It’s the dream of many people (ones with tech skills and even ones without) that they could make an idea come to life that nets them millions. Yahoo just added another story to the growing list of people who fit that category. The company recently bought out one London student’s news app for millions of dollars. They’ve certainly made his day, but will he deliver for Yahoo?
$30 Million Idea
According to Paul Sandle this morning on Reuters, “Yahoo paid roughly $30 million” for 17-year-old Nick D’Aloiso’s Summly app. Summly was a four-month-old smartphone app which “distills news stories into chunks of text readable on small smartphone screens.” Since initial prototypes, the app has attracted investment from celebrities and others for quite some time. Talk about a million-dollar idea.
For D’Aloiso, this is obviously a fantastic occurrence. The kid has yet to finish high school and has already made his mark on the tech world. Yahoo thinks he and the handful of other employees at the company will have an opportunity to continue influencing the company and the internet as well.
Yahoo’s ongoing brand reset and refocusing has been going on since Marissa Mayer took the helm last summer. Mayer and the company want Yahoo to return to the relevance it once had, or at least stand up stronger to Google. Apparently purchasing the talent of a 17-year old is part of that strategy.
Peter Cohan on Forbes reports that “Yahoo plans to shut down Summly – although its technology may reappear on Yahoo.” Currently, the way Summly works it generates absolutely no revenue, so there’s no reason for Yahoo to re-deliver the service in quite the same way. It appears that Yahoo is betting on D’Aloiso’s appeal to the media, as well as to the celebrity investors that initially took interest in Summly. But is $30 million really worth it for some presumably good PR? I’m not too sure it is.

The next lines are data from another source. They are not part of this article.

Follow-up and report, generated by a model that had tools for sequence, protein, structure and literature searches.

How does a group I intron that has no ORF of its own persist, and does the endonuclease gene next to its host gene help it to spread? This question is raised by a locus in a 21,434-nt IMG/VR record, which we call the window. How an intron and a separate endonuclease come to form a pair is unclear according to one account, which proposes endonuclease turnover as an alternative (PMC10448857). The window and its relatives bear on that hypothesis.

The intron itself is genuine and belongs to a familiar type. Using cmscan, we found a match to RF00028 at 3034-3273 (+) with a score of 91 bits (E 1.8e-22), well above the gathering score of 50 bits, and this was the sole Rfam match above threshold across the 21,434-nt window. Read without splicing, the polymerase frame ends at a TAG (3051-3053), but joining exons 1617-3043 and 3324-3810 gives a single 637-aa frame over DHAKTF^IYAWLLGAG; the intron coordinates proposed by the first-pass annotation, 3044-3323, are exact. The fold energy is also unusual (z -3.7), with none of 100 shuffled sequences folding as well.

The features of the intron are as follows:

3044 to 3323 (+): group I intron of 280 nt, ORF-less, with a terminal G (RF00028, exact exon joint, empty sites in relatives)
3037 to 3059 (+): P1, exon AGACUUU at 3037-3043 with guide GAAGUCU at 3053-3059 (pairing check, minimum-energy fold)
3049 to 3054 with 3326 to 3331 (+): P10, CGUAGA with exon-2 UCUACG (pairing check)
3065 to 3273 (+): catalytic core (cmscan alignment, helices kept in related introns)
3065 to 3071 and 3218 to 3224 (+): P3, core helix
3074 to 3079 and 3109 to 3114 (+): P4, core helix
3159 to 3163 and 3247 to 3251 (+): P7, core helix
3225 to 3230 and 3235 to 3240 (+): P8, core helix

Something Better Come Out of Summly
Since Yahoo is shutting down the relatively well-received Summly, one would hope that Yahoo has plans to gain something worthwhile out of the technology and ideas of D’Aloiso. If not, it doesn’t seem like hiring a 17-year old as a spokesman is a great idea. Nicholas Carlson over at the Business Insider shares the same sentiment listing the many challenges and issues with the idea of “acquiring Summly’s talent.”
Then again, Yahoo has a hefty chunk of change on hand, around $4 billion in cash. It’s really not a huge deal if this deal goes completely bust and results in nothing for the company. That’s unlikely, given D’Aloisio has talent and Yahoo can always merge Summly and his talent into some sort of app or service which at least fans and users of Yahoo would want to utilize. Even better would be if they could monetize Summly so that agencies and businesses could find a way to advertise on the app, thus enhancing Yahoo’s marketing offerings in mobile.
For as much press as this story has been getting, I’m not really sure how much it matters to Yahoo or to many people on the web. Sure it’s a feel-good and interesting story given the amount of money spent on someone who isn’t even 18 years old yet, but until we see something practical and marketable out of the deal, it seems to me like Yahoo had some money to spend and liked a young tech kid’s ideas. I hope they prove me wrong though.
What do you think about Yahoo spending $30 million on Summly? Was it the right move?
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